What is a keloid?
When a wound heals, it leaves a scar. A keloid is a special type of scar: one that grows too much and can even become larger than the original wound. It is not uncommon for surgical or injury scars to become a little lumpy (hypertrophic). A keloid differs from these in several ways:
A keloid can come up after very minor skin damage, such as an acne spot, or even if there has been no obvious damage to the skin at all.
It can spread outside the original area of skin damage.
It may last for many years.
Are keloids hereditary?
They can be - a tendency to get keloids certainly runs in some families.
What are the symptoms of a keloid?
Usually there are none; but some are tender, painful, itchy, or cause a burning sensation. The main problem is that their appearance may cause embarrassment. If they are very tight, they can limit movement at nearby joints.
What does a keloid look like?
Keloids look like exaggerated scars. They are raised above the skin around them and sometimes they are domed. They can extend beyond the limits of the skin damage that caused the scar to come up in the first place. They are shiny and hairless; usually they feel hard and rubbery; and new ones are often red or purple, becoming browner and sometimes paler as they age. Most people with keloids have only one or two. However some people have many, especially if they have come up after acne or chickenpox scars.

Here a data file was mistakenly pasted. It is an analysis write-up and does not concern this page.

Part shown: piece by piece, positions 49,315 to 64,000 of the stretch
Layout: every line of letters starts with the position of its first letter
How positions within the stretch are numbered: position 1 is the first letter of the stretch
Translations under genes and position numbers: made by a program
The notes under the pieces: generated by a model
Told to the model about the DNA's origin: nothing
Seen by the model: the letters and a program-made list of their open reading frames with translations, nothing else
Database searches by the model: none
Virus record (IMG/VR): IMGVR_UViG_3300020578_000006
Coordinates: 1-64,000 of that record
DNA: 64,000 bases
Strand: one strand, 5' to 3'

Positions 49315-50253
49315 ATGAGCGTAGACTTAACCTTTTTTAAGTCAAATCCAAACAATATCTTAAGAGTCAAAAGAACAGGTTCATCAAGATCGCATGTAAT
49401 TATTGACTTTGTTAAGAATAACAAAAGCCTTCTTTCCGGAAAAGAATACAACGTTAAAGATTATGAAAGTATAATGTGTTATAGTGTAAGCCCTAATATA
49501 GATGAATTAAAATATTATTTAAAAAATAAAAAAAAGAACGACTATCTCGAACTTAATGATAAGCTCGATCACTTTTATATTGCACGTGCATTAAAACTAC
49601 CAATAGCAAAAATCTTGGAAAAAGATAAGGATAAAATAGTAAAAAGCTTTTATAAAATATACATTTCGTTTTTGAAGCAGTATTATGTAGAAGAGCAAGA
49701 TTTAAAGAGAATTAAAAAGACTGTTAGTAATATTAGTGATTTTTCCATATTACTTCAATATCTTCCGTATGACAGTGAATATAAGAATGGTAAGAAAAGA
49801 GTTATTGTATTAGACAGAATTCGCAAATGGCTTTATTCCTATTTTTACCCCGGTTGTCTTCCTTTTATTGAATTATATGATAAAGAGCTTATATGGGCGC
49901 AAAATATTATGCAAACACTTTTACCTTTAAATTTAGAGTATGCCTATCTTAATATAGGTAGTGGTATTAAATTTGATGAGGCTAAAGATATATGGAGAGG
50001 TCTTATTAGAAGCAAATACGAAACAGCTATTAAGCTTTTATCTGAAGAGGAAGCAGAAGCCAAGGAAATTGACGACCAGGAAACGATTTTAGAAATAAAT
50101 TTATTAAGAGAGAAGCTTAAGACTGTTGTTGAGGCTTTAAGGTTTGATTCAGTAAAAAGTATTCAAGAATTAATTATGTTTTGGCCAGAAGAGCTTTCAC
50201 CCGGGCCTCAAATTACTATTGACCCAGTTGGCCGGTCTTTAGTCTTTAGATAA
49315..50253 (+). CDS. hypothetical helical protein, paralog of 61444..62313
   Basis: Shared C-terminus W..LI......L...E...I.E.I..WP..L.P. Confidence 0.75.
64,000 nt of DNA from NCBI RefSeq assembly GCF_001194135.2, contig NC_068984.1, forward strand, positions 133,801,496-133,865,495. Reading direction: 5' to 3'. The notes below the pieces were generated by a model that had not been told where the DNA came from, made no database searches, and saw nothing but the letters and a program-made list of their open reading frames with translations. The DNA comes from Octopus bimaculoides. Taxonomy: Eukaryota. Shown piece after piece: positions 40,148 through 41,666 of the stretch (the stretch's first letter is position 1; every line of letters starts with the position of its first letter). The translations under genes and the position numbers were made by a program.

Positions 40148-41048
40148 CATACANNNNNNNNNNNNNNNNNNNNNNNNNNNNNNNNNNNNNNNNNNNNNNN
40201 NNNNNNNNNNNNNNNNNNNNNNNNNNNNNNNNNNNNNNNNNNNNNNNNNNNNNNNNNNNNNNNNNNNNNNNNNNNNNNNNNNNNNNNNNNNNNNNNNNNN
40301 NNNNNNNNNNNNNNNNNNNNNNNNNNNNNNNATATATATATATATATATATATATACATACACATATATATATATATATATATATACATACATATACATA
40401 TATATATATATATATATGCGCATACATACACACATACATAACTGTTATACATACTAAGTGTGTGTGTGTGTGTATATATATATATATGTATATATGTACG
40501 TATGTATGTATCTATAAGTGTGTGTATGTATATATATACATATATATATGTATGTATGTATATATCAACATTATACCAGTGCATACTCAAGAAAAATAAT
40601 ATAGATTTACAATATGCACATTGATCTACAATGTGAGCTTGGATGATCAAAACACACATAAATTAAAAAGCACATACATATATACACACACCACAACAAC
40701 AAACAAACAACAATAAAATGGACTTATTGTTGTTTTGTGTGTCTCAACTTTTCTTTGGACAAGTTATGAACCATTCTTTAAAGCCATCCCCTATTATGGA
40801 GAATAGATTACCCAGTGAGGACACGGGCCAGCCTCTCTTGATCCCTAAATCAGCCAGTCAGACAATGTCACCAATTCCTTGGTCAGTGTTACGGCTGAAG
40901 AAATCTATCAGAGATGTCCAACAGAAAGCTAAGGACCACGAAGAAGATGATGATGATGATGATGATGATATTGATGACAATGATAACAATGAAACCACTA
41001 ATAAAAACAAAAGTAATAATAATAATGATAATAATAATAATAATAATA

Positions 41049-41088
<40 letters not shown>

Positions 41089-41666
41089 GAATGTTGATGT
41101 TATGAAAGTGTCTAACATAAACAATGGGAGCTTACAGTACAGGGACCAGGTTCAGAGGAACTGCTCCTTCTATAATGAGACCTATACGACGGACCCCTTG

How will it be diagnosed?
Your doctor will be able to make the diagnosis of a keloid just by looking at your skin. No investigations are usually needed.
Can a keloid be cured?
It is unusual for a keloid to be cured after treatment. The main problem is that cutting a keloid out often leads to an even bigger one forming later in the same place.
For information on available treatments please visit this page on the website of the British Association of Dermatologists